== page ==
It’s been a while since I enjoyed reading a series as much as George Martin’s Song of Ice and Fire. Taking my time with it because what’s the rush? The final installment, Winds of Winter, is still simmering in the pot. My onward push to book four, A Feast for Crows, was equal parts trying to stay ahead of the television series and its filthy viewers who love to spoil, and the simple fact that I am a pleasure-seeker and these are painfully pleasurable books.
Spoilers under yonder.
I was warned by many who’ve read before me that this is their least favorite of the series, but I didn’t see how that could possibly be. The same author wrote this one as the three others before it. How could it be disappointing? Other than the fact that the characters in the North are mostly absent, it’s not.
Martin leaves a note at the end explaining that the book had gotten too long so he broke it into two books. The story lines in Dance of Dragons (book five) run parallel to those in book four rather than sequential. If only that note were placed at the beginning, I wouldn’t have spent more than half the book wondering where Dany, Snow, Bran, Stannis and others in the North and beyond were. Though familiar faces were missed, here Martin digs deeper into what it means to live in this violent world he built where nobody’s safe, where power is always sought and never held for very long and love is this thing that only exists in songs.
The beginning requires some patience as we meet a number of new characters in the Iron Islands and Dorne. The drowned men need a new Iron King and the Dornish are hungry to avenge the Red Viper’s death, but his sick brother isn’t interested in angering Tywin.
Speaking of Tywin (remember what happened???) tension is high in King’s Landing and power is shifting once again. Passive aggressive actions grow bolder, lots of paranoia and losing of the cool on Cersei’s end, which was satisfying, though her younger, prettier rival is even more annoying. Throughout the kingdom political cronies scramble to claim their dubiously earned titles. Everywhere the poor are trying to re-build since winter is still coming and the warring destroyed the homes and harvest.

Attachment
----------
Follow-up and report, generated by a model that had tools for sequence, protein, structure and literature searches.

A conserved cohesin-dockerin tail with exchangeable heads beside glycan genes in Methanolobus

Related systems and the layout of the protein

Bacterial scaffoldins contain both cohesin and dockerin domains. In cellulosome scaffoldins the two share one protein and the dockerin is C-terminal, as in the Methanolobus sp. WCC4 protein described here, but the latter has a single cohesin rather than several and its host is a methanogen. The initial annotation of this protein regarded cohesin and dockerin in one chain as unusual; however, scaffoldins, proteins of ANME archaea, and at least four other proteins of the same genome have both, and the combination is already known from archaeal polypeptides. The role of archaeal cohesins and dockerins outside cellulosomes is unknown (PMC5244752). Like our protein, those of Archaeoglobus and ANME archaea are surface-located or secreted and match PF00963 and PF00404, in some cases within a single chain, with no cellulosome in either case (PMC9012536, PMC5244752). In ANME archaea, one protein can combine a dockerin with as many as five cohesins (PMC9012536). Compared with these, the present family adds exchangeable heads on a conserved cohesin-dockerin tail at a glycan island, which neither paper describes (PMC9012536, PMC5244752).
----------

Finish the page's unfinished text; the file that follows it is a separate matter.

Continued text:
As always, the title of the book is apt; bodies rot everywhere. There’s way less action, but that’s because a number of plot lines climaxed in Storm of Swords and now the survivors are either feeling their way through darkness or plotting their next move. Prophecies and the notion of history repeating itself come into play repeatedly, giving more breadth to this already epic epic.
Sam, we tremble on the cusp of half-remembered prophecies, of wanders and terrors that no man now living could hope to comprehend… – Master Aemon
I enjoyed A Feast for Crows as much if not more than the other books. The main characters make stronger choices and the dark moments linger longer, or maybe I’m just more emotionally invested now. If you’re still not reading this series I must know why.
Here are my reviews of the first three books:
Song of Ice and Fire book 1: Game of Thrones
Song of Ice and Fire book 2: Clash of Kings
Song of Ice and Fire book 3: Storm of Swords